Kids dance their way to Melbourne

Headshot of Carly Laden
Carly LadenBroome Advertiser
The Broome Performing Arts Co-Op team before travelling to Melbourne for KAR Dance Competition.
Camera IconThe Broome Performing Arts Co-Op team before travelling to Melbourne for KAR Dance Competition. Credit: Broome Advertiser, Carly Laden

A Melbourne dance competition will be experiencing flair from the Kimberley as a local dance studio competes for the first time.

A team of 16 children from Broome Performing Arts Co-op have travelled east, along with their teachers, to compete in the Kids Artistic Revue Regional Dance Competition, running from October 4-7.

BPAC co-director Justine De Bruyn said the KAR Regional Dance Competition was a first for the kids.

“It will be their first dance competition and for some of them it will be the first time they travel to a big city,” she said.

Get in front of tomorrow's news for FREE

Journalism for the curious Australian across politics, business, culture and opinion.


“They’ve always done our little productions in town so this will be a big step for them.

“The lead-up has been a mixture of excitement and nervousness but they know that they’re going to offer something different because we’re from Broome.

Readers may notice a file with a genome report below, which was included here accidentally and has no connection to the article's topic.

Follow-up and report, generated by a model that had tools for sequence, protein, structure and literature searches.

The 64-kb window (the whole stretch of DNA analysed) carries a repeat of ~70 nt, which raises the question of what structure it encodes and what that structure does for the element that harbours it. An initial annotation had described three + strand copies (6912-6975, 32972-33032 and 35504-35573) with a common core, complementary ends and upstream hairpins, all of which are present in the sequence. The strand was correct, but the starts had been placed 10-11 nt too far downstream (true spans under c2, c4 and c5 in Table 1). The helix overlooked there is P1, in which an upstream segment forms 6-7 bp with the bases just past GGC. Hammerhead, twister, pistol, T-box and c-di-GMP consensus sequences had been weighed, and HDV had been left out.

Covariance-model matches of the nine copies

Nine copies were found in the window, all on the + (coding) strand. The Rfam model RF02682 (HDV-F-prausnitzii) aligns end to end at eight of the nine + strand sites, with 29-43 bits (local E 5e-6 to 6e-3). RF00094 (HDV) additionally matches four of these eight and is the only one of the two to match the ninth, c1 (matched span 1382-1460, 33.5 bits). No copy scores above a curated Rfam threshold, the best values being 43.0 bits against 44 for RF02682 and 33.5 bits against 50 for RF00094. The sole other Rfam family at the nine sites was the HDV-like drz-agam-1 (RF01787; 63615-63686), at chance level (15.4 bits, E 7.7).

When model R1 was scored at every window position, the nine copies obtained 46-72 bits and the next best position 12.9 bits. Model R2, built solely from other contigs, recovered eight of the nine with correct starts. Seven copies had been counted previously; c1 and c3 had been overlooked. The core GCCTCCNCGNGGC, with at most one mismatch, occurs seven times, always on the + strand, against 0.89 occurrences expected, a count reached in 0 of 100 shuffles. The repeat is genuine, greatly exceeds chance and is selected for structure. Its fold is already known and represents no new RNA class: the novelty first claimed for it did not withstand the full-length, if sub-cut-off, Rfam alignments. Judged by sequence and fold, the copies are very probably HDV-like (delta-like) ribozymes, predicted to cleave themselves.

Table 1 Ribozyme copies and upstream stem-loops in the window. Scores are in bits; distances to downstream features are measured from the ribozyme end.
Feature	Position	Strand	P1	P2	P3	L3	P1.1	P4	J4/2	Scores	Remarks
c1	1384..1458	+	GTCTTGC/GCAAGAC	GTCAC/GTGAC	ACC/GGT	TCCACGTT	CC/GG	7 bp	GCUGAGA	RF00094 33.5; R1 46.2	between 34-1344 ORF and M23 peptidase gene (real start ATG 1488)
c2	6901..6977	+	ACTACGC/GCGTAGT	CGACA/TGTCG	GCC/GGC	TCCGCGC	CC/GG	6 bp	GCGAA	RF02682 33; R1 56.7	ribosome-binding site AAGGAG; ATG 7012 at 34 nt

“They’re not coming from a strict dance environment, they may not have the best technique, but they all have a love for performing and lots of energy.

“For them it’s all about performing and having a great time on stage.”

Ms De Bruyn said the reason she wanted the studio to compete in the KAR Regional Dance Competition was because the competition also raised money for cancer research.

“I also liked the level of the competition and we thought it would help expose the kids to a higher level of dance and what it’s like in the big city,” she said.

Co-director Samantha Tucker said she hoped experiencing the competition in Melbourne would push the children to the next level.

“We hope they will look at the other dances and go ‘Wow I want to be able to do that’,” she said.

“In Broome, we don’t have that sort of strict dance culture where everything must be perfect.

“But if these kids want to consider performing professionally, this might motivate them to work even harder.”

Both BPAC directors hope to consider making competition trips an annual fixture.

“For us being in a remote town, it is very expensive to travel for competitions given registration fees, flights and accommodation, but we hope everyone will be keen to keep trying their hands at competing,” Ms De Bruyn said.

Get the latest news from thewest.com.au in your inbox.

Sign up for our emails